Meanwhile, Amin set out deliberately to subvert his father’s succession arrangements. In 810, he disregarded the claims of Maʾmun and Muʾtamen, and proclaimed his sons Musā and ʿAbdallāh as first and second heirs to the throne (Jahšiāri, pp. 290-92; Ṭabari, III, 795-96; Ebn al-Atir, VI, p. 2499). Maʾmun wisely refused Amin’s order to return to Baghdad. Instead, he removed Amin’s name from the Friday prayer (ḵoṭba) and the coinage minted in Khorasan (sekka, see COINS AND COINAGE), and assumed for himself the title of “Imam of the Right Way” (Emām-al-Hodā). No previous Abbasid caliph had ever used this title, but it had resonances of divine approval and leadership of the Muslim community, harking back to the titulature of the first leaders of the Abbasid Revolution (al-dawla al-ʿAbbāsiya) in Khorasan (Ṭabari, III, 795-96). The stage was now set for a fierce civil war between the two brothers, which erupted in 811. A caliphal army under ʿAli b. ʿIsā b. Māhān was defeated by an army recruited from Arabs settled in Khorasan and from the Iranian military classes of Transoxiana, and Ḵʷārazm (see CHORASMIA); Amin’s general was killed at Ray by Ma’mun’s general, the Khorasanian Ṭāher b. Ḥos a yn (776-822). A second caliphal army under ʿAbd al-Raḥmān Jabala was likewise routed, and its commander killed. Further disasters drove Amin back to Baghdad, which was now besieged for thirteen months by Ṭāher and another of Ma’mun’s generals, Harṯama b. Aʿyan (d. 816). In 812, Maʾmun proclaimed himself caliph at Marv (Jahšiāri, pp. 305-6; Ṭabari, III, 841; Ebn al-Aṯir, VI, pp. 256-57), and appointed Fażl b. Sahl as his military and civil aide, duties reflected in his new title “Holder of the Two Commands” (Du ’l-Reyāsatayn). Baghdad fell, and Amin surrendered but was murdered on Ṭāher’s orders on the night of 24-25 September 813. Maʾmun does not seem to have been complicit in his brother’s death, though it was undoubtedly convenient for him. He now began a reign of some twenty years as both de facto and de jure head of the Abbasid Empire.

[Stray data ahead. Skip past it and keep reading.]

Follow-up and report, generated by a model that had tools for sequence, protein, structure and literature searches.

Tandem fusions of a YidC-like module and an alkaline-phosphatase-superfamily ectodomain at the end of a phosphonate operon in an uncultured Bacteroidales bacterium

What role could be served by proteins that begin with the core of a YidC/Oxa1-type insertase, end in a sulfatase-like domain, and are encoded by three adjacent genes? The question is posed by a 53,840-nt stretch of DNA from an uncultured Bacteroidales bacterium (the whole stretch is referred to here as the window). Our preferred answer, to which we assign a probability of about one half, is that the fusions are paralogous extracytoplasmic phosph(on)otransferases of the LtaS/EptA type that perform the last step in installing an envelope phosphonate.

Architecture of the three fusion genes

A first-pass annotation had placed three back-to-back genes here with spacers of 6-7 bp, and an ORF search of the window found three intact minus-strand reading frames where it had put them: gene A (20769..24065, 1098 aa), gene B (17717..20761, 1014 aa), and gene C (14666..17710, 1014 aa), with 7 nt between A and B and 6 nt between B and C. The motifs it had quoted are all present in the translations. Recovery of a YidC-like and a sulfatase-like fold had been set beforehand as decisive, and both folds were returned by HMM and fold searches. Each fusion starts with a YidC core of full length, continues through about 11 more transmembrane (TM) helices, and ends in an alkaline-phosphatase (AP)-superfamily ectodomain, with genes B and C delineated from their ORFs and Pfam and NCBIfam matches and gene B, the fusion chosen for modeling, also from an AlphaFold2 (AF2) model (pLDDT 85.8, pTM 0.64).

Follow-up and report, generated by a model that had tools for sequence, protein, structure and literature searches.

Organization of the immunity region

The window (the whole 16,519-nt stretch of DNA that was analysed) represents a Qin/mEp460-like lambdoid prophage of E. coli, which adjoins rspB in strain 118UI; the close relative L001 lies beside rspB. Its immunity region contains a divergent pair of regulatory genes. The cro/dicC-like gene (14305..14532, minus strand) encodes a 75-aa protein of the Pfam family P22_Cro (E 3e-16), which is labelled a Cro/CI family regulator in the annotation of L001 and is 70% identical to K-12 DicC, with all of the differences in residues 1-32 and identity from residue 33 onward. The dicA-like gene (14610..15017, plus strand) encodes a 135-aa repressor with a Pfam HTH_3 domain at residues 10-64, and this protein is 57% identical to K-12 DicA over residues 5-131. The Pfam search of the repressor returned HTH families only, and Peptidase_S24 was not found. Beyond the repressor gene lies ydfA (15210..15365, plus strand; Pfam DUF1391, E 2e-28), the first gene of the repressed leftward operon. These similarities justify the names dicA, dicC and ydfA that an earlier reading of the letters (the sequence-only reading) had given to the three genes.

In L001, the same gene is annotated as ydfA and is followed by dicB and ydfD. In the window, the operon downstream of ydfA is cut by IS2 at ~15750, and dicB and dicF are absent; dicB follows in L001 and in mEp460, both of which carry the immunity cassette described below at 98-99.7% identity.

Maʾmun remained for six more years in what had been his provincial capital of Marv, entrusting lands to the west of Khorasan to various of his lieutenants in Iraq, such as Fażl’s brother Ḥasan b. Sahl. Despite his victory, times were difficult, and he faced many challenges to his power. The bases of the caliphate had been shaken because for the first time an Abbasid caliph was dethroned and killed. There was a loosening of respect for authority, and separatist tendencies showed themselves in revolts in the Jazira, Syria, Egypt, and the Caspian provinces so that Maʾmun’s authority at this moment hardly extended further west than Iraq. Only through the efforts of .ʿAbdallāh b. Ṭāher (d. 844) was the longstanding revolt in the Jazira ended during the course of 824 and 825, and Egypt brought back under caliphal control the following year. But in distant North Africa, the eastern Maghreb (Efriqiā) had to be left to the governors of the Aghlabid family. Above all, in Baghdad Maʾmun’s power was challenged by the old aristocracy of the Abnāʾ, who were the original supporters of the Abbasid Revolution, as well as by partisans of the ʿAlids and their claimants. The governor Ḥasan b. Sahl was forced to evacuate the capital. In 817, in an endeavor to acknowledge the ʿAlid claims, Maʾmun removed his brother Moʾtamen from the succession, and proclaimed ʿAli al-Reżā b. Musā Kāẓem, the Eighth Imam of the Shiʿa, as his heir. His decision caused an Abbasid legitimist reaction that led to the proclamation of Maʾmun’s uncle Ebrāhim b. Mahdi (r. 817-19) as rival caliph in Baghdad, over which he exercised precarious power for almost two years (Yaʿqubi, II, pp. 545, 547-48; Ṭabari, III, pp. 1002-1005, 1013-14, 1015-16, 1032-36; Ebn al-Aṯir, VI, pp. 341-42, 353-55). It was clearly vital that Maʾmun establish himself in the traditional capital of the Abbasid caliphate. In August 819, he made a triumphal entry into Baghdad after ten years of absence and could now be regarded as the ruler of a united caliphate. The new emphasis in his authority seems reflected in his changing relations with the Sahlids. Fażl b. Sahl was murdered at Saraḵs in 818, most probably at the caliph’s instigation, while Ḥasan b. Sahl gradually withdrew from public life, although he seems to have succeeded his brother as vizier and governor of Iraq (Yaʿqubi, II, p. 551; Ṭabari, III, pp. 1025-28, 1036-38; Ebn al-Aṯir, VI, pp. 346-48, 357-58). The year 819 accordingly marks the beginning of the second part of Maʾmun’s caliphate, in which he assumed a more personal and more assured rule.